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No clutch, no cam belt - I am due a cam belt change, that will cost £500 and i get nothing from that other than i can keep driving. with an EV £500 buys me 7 months of battery lease.

Clutch if you know how to drive will last over 100K Miles.  Cam belt change is 60K + Miles.  500 quid over 60K miles is less than .8 p per mile.
If you are going to split hairs down to that level and try to tell me they count, sorry, you and I are on differnt levels financially and are talking an accuracy of budgeting I couldn't come near and sure as hell don't want to be worrying about.  You go into costs so much with running an EV but do you budget as tightly for the beers you drink in a year or the times you have take away or what you spend taking the family out for a day or....??
I sure as hell don't, I have far bettter things to worry about in my life than the the .08P cam belt wear costs me every mile.
How much do tyres and brake pads cost you per mile.  WHAT is the cost of the things an EV needs?
I'll bet my backside a set of pads on an EV costs double if not more what they do in your car you have now. I'll also bet that the servicing costs of an EV  will be a lot higher if less frequent than an ev narrowing the gap far closer to what is always made out.

And just occurred to me being we have different currency's, how the hell is a cam belt change costing you 500 quid? Your money is double mine and if you are paying my equivalent of $1000 for a cam belt change, you are either Driving a Ferrari or you are getting bent over and torn a new one big time.  If you are driving a small car I doubt the engine is anything exotic so I will have to assume you are either getting ripped well and truly on the price or Guilding the lilly.

Yeah, I do know a little about cars, family business is in the auto game so I am involved and have a good idea of things in the real world.

Whats the insurance comparison between an EV and a comparable IC? How about parts prices if you break a tail light or need a new wheel strut, door lock motor, windscreen,  wiper motor or any of those other common high demand parts that all cars have?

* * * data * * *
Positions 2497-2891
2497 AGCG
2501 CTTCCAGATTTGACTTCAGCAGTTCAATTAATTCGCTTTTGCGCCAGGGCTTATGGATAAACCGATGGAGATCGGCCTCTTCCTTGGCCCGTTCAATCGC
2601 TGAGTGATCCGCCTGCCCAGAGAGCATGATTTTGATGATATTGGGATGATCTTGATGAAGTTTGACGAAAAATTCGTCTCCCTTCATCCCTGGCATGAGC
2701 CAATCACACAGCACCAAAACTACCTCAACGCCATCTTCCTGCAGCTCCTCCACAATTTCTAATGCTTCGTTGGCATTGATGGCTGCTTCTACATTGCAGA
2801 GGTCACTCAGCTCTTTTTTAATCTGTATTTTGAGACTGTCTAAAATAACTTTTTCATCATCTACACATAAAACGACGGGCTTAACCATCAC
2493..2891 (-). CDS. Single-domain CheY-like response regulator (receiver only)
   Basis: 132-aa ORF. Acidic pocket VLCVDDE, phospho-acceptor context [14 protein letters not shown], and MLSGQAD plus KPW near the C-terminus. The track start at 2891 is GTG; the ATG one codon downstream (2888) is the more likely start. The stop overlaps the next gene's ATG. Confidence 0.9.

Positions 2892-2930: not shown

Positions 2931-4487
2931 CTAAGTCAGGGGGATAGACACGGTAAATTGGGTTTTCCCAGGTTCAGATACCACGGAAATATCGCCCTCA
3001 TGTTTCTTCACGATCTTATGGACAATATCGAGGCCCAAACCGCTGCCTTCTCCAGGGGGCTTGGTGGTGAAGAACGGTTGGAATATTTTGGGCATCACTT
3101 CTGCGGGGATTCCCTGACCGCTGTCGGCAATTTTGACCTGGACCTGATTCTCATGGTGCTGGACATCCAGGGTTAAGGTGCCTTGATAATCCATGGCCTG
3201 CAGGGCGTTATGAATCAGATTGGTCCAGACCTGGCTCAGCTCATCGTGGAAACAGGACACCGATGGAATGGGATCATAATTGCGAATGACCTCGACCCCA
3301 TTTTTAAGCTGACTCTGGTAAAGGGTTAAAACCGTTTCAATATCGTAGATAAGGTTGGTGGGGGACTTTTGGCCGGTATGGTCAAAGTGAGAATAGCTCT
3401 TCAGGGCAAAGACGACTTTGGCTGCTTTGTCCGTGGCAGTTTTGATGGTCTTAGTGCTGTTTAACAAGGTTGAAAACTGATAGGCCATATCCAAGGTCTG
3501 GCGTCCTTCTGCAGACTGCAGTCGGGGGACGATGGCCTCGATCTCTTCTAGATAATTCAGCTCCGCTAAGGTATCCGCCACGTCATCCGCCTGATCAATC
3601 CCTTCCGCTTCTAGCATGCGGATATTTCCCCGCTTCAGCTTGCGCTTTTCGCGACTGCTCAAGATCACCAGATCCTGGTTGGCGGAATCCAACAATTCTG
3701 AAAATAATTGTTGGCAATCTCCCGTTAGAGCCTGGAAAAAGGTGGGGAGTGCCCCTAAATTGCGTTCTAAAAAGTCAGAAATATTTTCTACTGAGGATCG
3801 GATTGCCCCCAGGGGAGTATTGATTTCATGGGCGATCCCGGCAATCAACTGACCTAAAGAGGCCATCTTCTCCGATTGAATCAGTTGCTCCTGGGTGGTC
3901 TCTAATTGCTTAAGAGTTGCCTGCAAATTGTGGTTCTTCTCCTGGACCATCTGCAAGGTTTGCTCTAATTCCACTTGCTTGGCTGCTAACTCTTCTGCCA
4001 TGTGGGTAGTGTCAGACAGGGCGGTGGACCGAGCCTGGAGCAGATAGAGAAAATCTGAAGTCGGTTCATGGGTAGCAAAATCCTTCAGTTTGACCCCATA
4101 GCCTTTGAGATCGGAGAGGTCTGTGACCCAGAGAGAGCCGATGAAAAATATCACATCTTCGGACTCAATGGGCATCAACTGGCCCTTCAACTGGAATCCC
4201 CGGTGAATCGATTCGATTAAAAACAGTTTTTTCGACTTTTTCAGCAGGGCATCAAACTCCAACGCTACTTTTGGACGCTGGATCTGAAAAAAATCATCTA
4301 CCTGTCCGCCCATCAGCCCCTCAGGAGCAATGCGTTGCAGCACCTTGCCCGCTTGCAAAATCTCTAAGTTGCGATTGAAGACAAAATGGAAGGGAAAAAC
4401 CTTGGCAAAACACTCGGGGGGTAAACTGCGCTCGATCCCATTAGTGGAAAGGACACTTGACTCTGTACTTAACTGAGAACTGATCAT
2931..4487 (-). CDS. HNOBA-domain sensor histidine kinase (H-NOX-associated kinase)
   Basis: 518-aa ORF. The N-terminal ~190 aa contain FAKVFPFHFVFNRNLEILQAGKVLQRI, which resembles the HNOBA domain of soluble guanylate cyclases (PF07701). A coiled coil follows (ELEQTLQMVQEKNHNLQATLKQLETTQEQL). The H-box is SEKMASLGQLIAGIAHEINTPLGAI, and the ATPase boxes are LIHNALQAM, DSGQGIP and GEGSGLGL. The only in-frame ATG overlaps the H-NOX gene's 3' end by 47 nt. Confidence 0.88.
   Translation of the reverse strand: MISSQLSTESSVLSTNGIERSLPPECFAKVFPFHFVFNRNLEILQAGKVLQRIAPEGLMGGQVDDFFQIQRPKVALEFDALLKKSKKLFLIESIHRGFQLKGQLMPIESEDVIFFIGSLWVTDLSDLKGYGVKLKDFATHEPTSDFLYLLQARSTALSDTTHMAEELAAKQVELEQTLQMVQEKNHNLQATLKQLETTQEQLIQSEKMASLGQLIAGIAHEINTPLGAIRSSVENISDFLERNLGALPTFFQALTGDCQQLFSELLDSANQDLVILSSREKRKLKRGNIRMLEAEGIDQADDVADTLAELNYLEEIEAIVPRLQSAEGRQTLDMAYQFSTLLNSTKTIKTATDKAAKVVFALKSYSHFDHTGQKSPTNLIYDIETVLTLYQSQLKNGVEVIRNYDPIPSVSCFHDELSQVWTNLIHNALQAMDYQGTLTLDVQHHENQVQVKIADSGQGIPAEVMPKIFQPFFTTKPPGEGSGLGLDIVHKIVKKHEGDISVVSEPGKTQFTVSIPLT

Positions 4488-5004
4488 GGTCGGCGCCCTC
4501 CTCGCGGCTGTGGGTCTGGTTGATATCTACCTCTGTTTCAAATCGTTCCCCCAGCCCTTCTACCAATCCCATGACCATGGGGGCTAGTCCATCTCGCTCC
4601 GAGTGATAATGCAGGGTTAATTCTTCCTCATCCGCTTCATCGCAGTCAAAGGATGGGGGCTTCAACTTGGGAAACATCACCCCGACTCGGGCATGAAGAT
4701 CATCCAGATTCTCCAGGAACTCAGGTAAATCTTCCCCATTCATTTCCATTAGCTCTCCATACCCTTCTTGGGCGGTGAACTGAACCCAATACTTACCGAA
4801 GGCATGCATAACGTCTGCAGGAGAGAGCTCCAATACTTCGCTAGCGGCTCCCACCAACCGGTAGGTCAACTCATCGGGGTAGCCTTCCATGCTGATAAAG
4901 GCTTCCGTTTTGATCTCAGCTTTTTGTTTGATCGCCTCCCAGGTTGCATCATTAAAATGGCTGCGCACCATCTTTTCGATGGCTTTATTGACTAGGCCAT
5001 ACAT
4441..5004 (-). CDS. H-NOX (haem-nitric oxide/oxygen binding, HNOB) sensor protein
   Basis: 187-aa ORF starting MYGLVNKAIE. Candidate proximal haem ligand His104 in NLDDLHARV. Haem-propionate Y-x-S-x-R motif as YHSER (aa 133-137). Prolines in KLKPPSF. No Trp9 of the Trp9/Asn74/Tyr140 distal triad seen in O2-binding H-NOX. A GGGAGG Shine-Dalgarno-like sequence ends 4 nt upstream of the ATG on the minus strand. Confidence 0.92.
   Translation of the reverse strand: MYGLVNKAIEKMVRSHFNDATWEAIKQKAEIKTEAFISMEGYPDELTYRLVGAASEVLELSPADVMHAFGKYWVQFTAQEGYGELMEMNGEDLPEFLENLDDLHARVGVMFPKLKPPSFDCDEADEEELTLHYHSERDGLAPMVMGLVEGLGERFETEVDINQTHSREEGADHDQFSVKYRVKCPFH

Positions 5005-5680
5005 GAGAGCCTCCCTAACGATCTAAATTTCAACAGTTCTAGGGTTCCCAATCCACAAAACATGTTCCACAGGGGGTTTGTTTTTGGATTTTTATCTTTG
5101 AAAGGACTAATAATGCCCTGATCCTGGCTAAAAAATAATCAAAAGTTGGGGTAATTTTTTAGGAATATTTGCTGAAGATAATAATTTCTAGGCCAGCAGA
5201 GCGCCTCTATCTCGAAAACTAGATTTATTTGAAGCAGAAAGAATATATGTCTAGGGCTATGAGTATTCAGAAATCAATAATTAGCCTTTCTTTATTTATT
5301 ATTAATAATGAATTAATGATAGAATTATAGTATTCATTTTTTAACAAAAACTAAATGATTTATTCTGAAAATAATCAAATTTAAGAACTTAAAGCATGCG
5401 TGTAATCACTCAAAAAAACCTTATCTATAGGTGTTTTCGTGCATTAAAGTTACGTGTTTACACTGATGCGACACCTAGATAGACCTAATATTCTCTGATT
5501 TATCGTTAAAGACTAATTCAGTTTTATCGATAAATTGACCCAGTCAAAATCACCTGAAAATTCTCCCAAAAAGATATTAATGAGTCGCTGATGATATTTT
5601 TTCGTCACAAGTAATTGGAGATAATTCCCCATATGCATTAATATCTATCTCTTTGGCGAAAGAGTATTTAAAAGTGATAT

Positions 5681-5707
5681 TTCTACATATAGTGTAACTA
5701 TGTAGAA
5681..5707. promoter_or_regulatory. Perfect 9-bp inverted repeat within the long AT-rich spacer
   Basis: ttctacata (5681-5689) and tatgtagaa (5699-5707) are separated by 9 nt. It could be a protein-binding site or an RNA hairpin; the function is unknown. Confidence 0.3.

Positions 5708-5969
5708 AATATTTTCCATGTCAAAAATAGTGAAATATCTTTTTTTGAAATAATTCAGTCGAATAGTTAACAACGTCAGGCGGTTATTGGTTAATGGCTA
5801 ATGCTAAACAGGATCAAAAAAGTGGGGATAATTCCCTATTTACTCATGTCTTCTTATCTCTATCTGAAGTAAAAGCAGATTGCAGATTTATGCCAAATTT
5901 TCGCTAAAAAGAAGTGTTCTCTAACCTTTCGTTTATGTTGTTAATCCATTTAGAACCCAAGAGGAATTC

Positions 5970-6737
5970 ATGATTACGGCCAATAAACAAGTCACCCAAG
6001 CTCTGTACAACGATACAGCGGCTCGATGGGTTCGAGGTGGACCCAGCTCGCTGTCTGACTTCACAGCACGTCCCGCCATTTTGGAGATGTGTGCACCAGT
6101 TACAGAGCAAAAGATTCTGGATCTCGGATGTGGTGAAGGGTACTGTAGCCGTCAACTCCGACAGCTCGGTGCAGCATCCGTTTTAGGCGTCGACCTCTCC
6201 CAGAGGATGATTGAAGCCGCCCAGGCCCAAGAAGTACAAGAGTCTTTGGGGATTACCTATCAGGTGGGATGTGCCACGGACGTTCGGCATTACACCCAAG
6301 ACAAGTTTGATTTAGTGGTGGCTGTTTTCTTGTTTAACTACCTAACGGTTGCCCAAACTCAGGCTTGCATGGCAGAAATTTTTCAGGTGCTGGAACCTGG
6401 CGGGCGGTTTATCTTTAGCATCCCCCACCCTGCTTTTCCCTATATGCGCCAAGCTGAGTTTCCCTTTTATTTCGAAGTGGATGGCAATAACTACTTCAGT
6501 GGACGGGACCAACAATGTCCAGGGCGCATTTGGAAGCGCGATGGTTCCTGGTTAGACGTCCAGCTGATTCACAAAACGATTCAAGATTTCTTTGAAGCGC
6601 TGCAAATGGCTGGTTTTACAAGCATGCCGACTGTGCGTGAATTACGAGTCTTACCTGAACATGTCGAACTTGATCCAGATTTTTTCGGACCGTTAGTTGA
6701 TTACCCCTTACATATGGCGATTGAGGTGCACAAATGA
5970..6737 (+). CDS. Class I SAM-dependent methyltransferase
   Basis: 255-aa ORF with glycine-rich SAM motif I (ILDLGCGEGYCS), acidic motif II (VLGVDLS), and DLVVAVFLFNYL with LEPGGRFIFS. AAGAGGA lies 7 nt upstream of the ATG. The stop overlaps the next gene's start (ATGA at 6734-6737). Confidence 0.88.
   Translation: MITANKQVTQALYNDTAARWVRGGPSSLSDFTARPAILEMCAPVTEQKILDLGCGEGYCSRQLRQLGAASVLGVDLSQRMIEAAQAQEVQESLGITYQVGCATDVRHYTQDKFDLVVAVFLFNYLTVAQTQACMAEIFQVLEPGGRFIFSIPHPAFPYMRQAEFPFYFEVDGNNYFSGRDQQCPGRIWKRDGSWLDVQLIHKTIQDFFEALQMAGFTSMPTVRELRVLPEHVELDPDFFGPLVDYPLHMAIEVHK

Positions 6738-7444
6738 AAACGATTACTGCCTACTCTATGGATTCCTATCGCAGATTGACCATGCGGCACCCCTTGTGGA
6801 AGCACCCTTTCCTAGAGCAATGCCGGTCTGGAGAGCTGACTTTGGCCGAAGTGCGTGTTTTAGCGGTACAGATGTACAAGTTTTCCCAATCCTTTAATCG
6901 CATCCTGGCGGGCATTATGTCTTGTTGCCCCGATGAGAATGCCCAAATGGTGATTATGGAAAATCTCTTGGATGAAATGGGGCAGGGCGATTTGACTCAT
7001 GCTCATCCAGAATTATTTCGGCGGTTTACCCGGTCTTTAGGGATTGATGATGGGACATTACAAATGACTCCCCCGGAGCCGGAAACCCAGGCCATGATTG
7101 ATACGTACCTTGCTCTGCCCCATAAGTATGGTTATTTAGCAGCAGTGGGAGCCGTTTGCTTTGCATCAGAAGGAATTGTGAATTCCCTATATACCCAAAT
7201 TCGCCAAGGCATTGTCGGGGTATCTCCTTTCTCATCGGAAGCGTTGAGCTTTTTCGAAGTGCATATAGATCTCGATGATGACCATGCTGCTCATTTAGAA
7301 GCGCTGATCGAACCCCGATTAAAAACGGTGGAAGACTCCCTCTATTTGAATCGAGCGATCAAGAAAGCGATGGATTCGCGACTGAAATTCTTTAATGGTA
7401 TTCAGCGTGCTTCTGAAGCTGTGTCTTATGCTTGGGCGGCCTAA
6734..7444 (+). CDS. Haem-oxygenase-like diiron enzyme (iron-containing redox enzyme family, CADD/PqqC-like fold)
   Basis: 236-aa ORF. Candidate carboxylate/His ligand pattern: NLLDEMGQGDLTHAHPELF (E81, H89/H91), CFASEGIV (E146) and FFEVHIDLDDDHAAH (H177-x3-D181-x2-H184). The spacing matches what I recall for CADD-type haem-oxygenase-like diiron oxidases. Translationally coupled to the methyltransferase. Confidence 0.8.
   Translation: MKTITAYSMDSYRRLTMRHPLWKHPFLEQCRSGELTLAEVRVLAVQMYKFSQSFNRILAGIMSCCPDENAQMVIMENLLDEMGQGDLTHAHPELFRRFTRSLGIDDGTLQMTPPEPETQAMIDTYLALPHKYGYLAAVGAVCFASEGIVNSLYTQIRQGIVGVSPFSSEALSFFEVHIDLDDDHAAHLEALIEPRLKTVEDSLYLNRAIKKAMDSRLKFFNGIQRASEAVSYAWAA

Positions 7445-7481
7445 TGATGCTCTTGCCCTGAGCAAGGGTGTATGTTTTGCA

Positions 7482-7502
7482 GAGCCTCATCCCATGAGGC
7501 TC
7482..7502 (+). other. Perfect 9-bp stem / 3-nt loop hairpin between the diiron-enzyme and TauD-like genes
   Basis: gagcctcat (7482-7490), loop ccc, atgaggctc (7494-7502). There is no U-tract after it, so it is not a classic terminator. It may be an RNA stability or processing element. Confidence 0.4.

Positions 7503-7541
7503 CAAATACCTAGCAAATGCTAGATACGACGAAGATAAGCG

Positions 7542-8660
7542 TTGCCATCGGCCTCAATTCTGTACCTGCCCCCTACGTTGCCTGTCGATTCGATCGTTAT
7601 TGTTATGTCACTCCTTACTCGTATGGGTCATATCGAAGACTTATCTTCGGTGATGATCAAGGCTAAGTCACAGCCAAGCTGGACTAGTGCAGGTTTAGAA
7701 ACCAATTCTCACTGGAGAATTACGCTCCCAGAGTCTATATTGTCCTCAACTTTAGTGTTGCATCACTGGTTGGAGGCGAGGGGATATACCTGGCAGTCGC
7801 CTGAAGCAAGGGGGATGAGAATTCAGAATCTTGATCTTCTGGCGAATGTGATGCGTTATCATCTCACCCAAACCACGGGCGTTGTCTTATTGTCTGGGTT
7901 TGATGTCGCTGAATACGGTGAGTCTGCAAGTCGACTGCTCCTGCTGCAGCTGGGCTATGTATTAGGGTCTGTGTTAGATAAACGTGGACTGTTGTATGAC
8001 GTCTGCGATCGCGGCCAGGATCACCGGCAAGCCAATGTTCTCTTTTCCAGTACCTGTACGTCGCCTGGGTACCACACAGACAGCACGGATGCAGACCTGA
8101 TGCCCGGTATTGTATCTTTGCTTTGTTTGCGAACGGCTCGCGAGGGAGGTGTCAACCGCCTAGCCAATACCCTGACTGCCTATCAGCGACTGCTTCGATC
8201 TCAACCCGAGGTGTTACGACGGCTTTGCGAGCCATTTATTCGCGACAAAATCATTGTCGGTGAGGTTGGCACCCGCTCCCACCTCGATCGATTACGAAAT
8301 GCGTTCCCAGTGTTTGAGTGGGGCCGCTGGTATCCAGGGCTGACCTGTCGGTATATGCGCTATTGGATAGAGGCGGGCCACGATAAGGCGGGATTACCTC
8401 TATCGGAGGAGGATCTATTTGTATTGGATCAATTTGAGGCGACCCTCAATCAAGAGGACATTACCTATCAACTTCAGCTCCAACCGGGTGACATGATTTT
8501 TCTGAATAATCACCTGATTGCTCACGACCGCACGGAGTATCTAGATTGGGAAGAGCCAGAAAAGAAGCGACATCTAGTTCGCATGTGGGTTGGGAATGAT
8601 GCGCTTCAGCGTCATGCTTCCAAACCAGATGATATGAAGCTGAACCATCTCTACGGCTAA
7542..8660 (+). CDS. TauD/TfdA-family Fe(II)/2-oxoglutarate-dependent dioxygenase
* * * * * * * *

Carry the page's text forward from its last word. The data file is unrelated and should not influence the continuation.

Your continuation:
Being you are talking about getting a used IC, it's a certainty not a possibility the thing is going to need parts.

And lets not forget the biggie here, while you are counting cam belt costs that here would be a once in 5 years thing for half the cost you are quoting,  what about the BATTERY replacement cost on an EV?
Those things don't last forever and they are going to make engine replacement on an IC look cheap.
ANY IC these days that doesent go 250Km / 15 years on the original engine has been flogged or was a lemon. How long will an EV go? From everything I read you can count on a new battery pack in 7-10 years.  what does that particular 12 gauge shot to the pocket cost as a standalone and per mile basis?  I'm bettering it's going to make your cam belt look like a bargain particularly as the intervals could be pretty close.

From what I read, EV's are not worth replacing battery packs because by the time they need one they have depriciated so much that it's simply not worth it. I expect that situation will only become stronger as more cars are available on teh market with better range and more features. Who's going to want to replace the pack in a 60 mile range car when maybe a few grand will buy them something 5+ years newer with 3xplus the range and all the advantages every later model has.

I would suggest when buying a used EV, do your homework thoroughly and tread VERY carefully.

There is a LOT more to this picture than the cost of fueling and in this case it's not nearly what you make out anyway.

And just to clarify, i'm not calling you a liar, just mistaken and over looking a lot of things that make your position inaccurate and not what you think it is.


 

Offline Simon

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Re: When Will Electric Cars Become Mainstream?
« Reply #3582 on: March 07, 2019, 11:38:30 am »
What difference does having a house battery make? that is for the house not a car, if i was generating enough to also fill a car fine but as i said previously for me if i was doing it economy 7 alongside my solar system would be perfect. By day I use my solar and battery, by night I charge the car off the grid at 8-9p/KWh

other people would have to look at their circumstances as on economy 7 you pay more by day.

So power cost for a car:

Petrol 15p/mile
EV 2.5p/mile.

I do 8000 miles a year or 670 miles a month, so 670*0.15 = £100 on petrol

100-70 (battery)= £20
20/0.025 = 800 miles a month on electric!

The EV breaks even and i do a low mileage.

Does the EV need a cam belt change every 60'000 miles? no so 500/60'000 = 0.8p/mile spend it how you will but it is about 1/3 the cost of electric for a mile.